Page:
What advice do you have for new dads? Any tricks of the trade?

Don’t be afraid to let your kids experience disappointment. Don’t think it is your job to protect them from pain. They need to know what it is like to experience the full range of emotions; good and bad, in order to become good adults. A father’s job is not only to protect and nurture; a father’s job is to produce adults who can take care of themselves and contribute something to the world.

Josh Hoekwater — Genuine

@digitalhoek

How did your childhood shape the father you’ve become?

My folks grew up in a relatively small, insular community in West Michigan, but, despite (or perhaps because of) that, they were always very intentional about exposing my sisters and I to as much diversity in people and experience as possible. We hosted exchange students — meeting people from all over the world and all walks of life. We took music lessons, played sports, went to summer camp and traveled by car across the country. We also spent a ton of time playing — in our sandbox, with legos, in the woods behind our house, on the fields at the college across the street. We were by no means wealthy, but my childhood was very rich in experience and that diversity of experience absolutely was key to how I’ve approached fatherhood. My wife and I aim to do the same for our kids — balancing a richness of experience with lots of time for our kids to just be kids.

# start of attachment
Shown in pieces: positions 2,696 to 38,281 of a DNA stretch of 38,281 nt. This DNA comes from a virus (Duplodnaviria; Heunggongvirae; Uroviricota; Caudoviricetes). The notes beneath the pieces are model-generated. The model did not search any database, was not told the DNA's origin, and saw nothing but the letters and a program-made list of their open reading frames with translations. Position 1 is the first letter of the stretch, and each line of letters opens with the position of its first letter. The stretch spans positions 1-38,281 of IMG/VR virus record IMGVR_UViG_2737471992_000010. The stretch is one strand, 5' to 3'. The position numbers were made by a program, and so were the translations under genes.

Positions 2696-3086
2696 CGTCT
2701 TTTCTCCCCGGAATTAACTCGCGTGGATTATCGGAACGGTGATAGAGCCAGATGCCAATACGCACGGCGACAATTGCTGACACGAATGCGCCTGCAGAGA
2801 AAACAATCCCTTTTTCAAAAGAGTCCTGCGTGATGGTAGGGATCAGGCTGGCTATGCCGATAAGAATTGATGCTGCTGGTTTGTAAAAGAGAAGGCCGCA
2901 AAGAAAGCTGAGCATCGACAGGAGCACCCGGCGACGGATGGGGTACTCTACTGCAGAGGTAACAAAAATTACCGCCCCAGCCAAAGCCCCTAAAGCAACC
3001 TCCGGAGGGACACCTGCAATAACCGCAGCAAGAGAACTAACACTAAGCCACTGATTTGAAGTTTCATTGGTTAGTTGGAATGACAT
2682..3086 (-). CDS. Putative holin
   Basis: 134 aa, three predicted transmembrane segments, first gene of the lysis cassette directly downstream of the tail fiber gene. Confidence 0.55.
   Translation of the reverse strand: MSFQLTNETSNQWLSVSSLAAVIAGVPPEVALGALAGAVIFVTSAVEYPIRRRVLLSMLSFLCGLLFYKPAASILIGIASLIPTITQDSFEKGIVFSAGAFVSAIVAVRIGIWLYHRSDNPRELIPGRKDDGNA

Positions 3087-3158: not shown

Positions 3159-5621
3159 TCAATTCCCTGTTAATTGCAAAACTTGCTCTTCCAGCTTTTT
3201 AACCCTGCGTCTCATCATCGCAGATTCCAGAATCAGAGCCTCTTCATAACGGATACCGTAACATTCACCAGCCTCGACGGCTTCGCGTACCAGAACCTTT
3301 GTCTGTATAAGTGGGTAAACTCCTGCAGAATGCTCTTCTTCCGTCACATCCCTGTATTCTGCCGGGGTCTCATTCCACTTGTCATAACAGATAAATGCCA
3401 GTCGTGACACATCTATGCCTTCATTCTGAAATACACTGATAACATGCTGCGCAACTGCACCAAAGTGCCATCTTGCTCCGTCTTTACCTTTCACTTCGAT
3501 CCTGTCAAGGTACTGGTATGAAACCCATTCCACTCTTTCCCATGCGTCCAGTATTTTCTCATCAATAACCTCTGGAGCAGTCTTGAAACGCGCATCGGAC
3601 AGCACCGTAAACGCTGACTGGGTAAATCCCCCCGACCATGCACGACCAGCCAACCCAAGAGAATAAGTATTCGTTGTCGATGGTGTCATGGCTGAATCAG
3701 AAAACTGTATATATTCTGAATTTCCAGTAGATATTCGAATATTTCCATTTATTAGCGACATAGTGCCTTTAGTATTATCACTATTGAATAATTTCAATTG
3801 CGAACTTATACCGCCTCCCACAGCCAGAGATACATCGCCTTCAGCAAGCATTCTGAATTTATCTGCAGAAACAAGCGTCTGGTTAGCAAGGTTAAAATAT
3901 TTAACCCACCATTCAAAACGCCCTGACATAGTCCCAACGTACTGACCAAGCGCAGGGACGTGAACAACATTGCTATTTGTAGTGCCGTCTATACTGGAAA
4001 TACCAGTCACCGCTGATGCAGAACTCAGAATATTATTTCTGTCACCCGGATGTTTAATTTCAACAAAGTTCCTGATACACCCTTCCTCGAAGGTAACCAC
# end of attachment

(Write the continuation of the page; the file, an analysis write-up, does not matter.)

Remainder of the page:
What has being a dad taught you?

I’m a pretty Type-A personality. I tend to like things done a certain way, and I am usually inclined to just do things myself, rather than risk someone doing it the “wrong” way. But parenting (way more than marriage), especially parenting a very sweet, but strong-willed and very sensitive “threenager” teaches you pretty quickly that you need to let a lot of things slide and roll with the punches in a way that would have been very hard for me to do before I had kids. This is even more true now that we have two and their personalities are already so different. I’ve definitely gotten better at this, but I am still learning how and when to choose my battles, as well as what concessions I’m willing to make when tantrums inevitably ensue.

Do you have any traditions or fun rituals you and your kid(s) enjoy?

Since my son’s been about 6 months old, he and I have been going out to breakfast nearly every Saturday morning. It started out as a way to let my wife catch up on her sleep a bit, but has become something that both he and I look forward to. Right now, we mostly do a coloring activity on the kids menu or look out the window and count taxi cabs while we wait for our food. But as he gets older, I expect it to be an opportunity to ensure that we connect, just the two of us, at least once a week.